Some households need to have more than doubled their income since 2008 for an adequate standard of living
A single parent with one child now needs to earn more than double what they did six years ago to have an acceptable standard of living.
The latest Joseph Rowntree Foundation (JRF) Minimum Income Standard (MIS) created a list of the goods and services different types of households need to live at an adequate level by surveying members of the public.
Researchers from Loughborough University found a lone parent with one child needs to earn £27,100 to be able to afford items including a weekly basket of shopping, transport costs, utility bills, clothing and housing payments.
In 2008, when the MIS was first developed, the figure was much lower at only £12,000.
Rising childcare costs was cited as one of the contributions to the increased figure and researchers also deeming it necessary for a single parent to own a car due to worsening transport services.
A minimum basket of goods and services costs 27 to 28% more than in 2008 – much higher than the 19% increase of the official Consumer Prices Index.
The income they need to make ends meet has soared at a time when their ability to make up the shortfall is severely constrained.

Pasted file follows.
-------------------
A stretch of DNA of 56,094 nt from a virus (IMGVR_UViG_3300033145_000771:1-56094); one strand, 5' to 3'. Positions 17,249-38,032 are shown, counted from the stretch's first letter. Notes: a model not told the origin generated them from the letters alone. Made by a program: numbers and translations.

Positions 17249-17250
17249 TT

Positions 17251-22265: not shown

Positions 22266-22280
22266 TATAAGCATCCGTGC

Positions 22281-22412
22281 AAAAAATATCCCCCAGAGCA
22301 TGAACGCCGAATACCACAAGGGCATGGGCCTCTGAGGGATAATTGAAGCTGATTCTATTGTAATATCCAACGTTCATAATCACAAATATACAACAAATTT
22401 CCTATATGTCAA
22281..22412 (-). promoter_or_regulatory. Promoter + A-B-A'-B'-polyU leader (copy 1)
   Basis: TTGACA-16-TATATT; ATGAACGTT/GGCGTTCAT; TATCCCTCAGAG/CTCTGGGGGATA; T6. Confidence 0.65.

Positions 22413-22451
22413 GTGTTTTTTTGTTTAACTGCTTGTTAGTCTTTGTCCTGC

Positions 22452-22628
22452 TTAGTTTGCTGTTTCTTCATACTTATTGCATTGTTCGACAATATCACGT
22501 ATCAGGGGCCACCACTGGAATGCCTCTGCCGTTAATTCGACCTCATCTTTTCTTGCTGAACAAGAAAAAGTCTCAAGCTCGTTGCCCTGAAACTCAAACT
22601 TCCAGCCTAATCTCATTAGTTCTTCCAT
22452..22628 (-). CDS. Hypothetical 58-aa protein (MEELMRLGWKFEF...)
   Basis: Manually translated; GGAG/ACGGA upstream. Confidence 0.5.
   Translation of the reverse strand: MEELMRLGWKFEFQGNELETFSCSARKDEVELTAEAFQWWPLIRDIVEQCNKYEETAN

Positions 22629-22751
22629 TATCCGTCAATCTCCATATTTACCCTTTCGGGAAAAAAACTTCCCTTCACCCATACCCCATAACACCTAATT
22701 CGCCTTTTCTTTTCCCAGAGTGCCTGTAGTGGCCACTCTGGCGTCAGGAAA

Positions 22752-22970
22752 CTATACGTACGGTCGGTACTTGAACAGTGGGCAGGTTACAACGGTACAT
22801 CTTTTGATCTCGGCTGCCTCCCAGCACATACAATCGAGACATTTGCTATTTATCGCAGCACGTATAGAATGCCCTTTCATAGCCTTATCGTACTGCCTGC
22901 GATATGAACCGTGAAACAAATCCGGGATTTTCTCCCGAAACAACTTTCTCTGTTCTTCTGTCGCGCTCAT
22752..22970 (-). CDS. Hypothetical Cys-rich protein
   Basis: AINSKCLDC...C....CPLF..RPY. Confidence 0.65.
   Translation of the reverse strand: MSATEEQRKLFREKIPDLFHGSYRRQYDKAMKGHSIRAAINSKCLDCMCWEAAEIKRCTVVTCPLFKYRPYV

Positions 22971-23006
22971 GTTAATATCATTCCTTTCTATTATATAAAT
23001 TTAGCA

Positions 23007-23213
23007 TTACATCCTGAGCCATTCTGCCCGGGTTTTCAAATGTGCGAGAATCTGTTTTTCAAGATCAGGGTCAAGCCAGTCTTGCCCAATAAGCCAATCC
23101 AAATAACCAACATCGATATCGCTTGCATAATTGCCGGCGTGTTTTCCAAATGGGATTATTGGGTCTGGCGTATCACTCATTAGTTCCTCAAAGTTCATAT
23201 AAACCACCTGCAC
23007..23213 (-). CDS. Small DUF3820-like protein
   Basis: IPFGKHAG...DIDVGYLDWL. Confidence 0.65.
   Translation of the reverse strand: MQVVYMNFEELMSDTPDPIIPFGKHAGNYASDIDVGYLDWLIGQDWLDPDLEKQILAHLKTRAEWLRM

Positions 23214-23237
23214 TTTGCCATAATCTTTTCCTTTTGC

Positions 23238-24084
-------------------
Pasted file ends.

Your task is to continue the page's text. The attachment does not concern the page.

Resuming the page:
Increased tax allowances have curbed the effect of falling real earnings, but ongoing cuts in tax credits and slow earnings growth have outweighed this for low-earning families with children.
Julia Unwin, chief executive of JRF, said: “These figures show there is still a lot of work needed to make up the lost ground for low income families. The income they need to make ends meet has soared at a time when their ability to make up the shortfall is severely constrained.
“There is no guarantee recovery will restore living standards for the poorest families, so we need joined-up measures to help alleviate the pressure on the worst off households: as the recovery gathers momentum, we must ensure those in greatest need feel the benefits of growth.”
It’s not just single parent families that are being hit in the pocket though.
A couple with two children need to earn more than £20,200 each, compared to £13,900 each in 2008.
Single working-age people must now earn more than £16,200, up from £13,500 in 2008.
Unemployment benefits account for 39% of what single, working-age people need to reach the MIS. On the other hand, pensioner couples who claim all their allowances receive 95% of the amount required.
Abigail Davis, an author of the report, said: “Throughout the past few difficult years, the people we talk to have held a consistent view of what it means to live at an acceptable level in the UK.
“It means being able to afford to feed your family and heat your home properly, but also having enough to buy a birthday present for your children, and to spend time with your family away from home, such as the occasional meal out.
“The growing number of people who fall below this standard are unable to afford basic goods, services and activities that most of us would take for granted.”